CHARLESTON, SC (WCSC) - The company that introduced a taco-obsessed Chihuahua, late night cravings for "Fourth Meal" and cheese-soaked double-decker tacos now says it can trim the fat from consumers' diets.
In ad spots much like those done by Subway touting Jared Fogle's weight loss triumphs, Taco Bell has introduced a new weight loss warrior to the fast food game.
Christine Dougherty, 27, ate items from Taco Bell's lower-calorie "Fresco menu" five to eight times a week and dropped more than 50 pounds, according to the company. In commercials, Dougherty shows off her now-svelte body in form-fitting, shape-revealing clothes while holding up giant photos of her formerly plump self.
"I lost about two pounds a month over a period of two years by reducing my daily calories and replacing my typical fast-food lunch or dinner with something from the Taco Bell Drive-Thru Diet," Dougherty says in the commercial. "I just chose smarter options."
[See Dougherty's Drive-Thru Diet site.]
Needless to say, those options did not include cheesy gorditas and half-pound burritos.
Dougherty cut 500 calories from her diet and limited herself to 1,250 a day, according to the ads and the Taco Bell website. She replaced her regular Taco Bell meals with the chain's Fresco items: seven tacos and burritos that range from 150 to 340 calories.
Some nutritional experts say the ads could be misleading, but the step by Taco Bell to offer a few lower-calorie options is a step in the right direction.
And the misleading part comes from what isn't said by Taco Bell -- the items on the "Fresco menu" are not cooked any differently. It's all the same meat and beans; it just lacks the sauces and cheese of the other items on their menu. Instead, each taco or burrito has a healthy -- pun intended -- dollop of tomato, onion and cilantro salsa.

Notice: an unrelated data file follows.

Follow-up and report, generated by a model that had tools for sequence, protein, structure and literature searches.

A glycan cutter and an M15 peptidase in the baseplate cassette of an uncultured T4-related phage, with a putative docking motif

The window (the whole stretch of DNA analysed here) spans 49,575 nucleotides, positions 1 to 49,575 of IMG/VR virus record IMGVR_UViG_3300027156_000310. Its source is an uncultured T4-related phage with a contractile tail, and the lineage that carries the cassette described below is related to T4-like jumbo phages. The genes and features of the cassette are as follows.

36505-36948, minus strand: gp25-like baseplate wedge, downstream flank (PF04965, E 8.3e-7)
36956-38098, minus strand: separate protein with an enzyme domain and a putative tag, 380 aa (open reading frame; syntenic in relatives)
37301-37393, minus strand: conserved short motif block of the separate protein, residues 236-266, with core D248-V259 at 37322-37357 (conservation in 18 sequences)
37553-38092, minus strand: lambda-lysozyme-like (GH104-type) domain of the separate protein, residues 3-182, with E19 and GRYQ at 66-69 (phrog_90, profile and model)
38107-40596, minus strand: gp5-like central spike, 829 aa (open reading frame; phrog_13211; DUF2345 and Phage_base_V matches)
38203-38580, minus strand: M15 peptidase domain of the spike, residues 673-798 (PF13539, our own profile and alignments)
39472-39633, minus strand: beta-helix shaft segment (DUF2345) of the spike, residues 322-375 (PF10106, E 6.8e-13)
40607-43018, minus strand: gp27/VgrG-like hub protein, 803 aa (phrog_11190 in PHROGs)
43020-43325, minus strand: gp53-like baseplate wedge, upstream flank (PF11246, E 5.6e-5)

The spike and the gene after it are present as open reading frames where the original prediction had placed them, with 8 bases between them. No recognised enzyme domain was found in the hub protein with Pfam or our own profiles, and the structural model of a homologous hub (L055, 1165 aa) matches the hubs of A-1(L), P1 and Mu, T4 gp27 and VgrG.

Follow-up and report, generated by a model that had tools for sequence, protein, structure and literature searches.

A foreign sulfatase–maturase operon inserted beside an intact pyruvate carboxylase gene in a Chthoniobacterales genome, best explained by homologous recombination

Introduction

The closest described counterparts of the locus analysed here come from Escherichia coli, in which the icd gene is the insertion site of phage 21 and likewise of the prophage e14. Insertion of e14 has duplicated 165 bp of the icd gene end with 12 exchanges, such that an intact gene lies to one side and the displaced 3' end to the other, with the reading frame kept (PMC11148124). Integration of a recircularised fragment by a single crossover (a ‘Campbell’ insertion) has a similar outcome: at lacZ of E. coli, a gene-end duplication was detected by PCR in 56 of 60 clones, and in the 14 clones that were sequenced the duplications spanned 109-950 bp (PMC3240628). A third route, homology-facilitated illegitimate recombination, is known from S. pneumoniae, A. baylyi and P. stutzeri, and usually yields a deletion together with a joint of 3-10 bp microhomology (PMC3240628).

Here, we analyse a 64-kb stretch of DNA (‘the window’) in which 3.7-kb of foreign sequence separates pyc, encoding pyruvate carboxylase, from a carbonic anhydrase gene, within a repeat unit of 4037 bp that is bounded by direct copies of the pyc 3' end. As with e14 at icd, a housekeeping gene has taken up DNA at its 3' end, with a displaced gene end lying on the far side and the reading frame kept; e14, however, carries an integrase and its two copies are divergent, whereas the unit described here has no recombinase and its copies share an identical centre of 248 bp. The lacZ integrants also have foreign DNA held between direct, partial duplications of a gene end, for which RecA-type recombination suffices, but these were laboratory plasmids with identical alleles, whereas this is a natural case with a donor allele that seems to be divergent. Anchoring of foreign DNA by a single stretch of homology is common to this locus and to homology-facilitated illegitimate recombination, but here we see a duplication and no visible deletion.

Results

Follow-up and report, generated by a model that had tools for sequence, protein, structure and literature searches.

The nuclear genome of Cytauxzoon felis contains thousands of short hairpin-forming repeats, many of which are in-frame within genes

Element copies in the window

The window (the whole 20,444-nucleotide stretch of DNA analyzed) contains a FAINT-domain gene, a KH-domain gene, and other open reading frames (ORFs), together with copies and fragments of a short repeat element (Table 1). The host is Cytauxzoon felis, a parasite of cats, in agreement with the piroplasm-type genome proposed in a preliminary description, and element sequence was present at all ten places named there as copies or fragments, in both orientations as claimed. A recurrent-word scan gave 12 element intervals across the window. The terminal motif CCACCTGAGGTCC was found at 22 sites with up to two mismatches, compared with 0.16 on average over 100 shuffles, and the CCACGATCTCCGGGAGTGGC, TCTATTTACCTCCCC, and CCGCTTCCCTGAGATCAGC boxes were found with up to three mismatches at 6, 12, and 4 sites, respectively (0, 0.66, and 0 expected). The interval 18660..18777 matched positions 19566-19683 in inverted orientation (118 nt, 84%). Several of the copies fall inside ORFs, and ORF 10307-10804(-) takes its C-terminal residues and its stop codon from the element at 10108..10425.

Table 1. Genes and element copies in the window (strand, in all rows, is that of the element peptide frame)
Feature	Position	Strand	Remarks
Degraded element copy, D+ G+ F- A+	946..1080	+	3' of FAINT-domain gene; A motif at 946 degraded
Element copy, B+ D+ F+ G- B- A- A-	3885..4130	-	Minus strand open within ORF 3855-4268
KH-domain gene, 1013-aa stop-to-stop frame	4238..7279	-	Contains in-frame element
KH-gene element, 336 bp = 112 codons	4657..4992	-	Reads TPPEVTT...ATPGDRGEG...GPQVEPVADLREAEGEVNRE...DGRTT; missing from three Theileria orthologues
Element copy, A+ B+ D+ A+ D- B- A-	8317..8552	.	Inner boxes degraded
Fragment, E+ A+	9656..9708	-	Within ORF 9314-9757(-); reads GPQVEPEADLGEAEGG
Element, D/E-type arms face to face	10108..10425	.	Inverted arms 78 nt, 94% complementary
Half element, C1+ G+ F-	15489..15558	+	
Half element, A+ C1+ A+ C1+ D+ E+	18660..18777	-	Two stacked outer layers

According to the nutritional information provided by Taco Bell, that one change trims an average of 50 calories off each item. While the marketing team for Taco Bell have branded the new menu the Drive-Thru Diet, disclaimers at the bottom of the ads point out one simple truth: "This is not a weight-loss program."
[Taco Bell nutritional information.]
Tonya Turner, a registered dietician at the Weight Management Center at the Medical University of South Carolina, said the "Fresco menu" does offer a few improvements over the chain's regular fare. Salsa replaces cheese and sauce and, for customers that opt for soft shell over hard shell, bigger cuts in fat content.
"The soft shell, in terms of fat grams, is going to be less than a hard shell because it's not going to be fried," said Turner.
The underlying logic of Dougherty's weight loss likely wasn't due to the "Fresco menu," but to her cutting 500 calories from her daily caloric intake. The lesson is one that can be carried forward for anyone looking to lose weight.
"You can make a pretty healthy choice as long as you order correctly," said Turner.
Cutting the mayonnaise from sandwiches, avoiding fried foods and looking for menu items that don't feature layers of cheese can help anyone trim the fat, literally. More importantly, these tips to thinning aren't limited to fast food joints or even restaurants in general. These same tips can be exercised at home.
Perhaps the hardest part for any consumer will be ordering from the lower-calorie menu.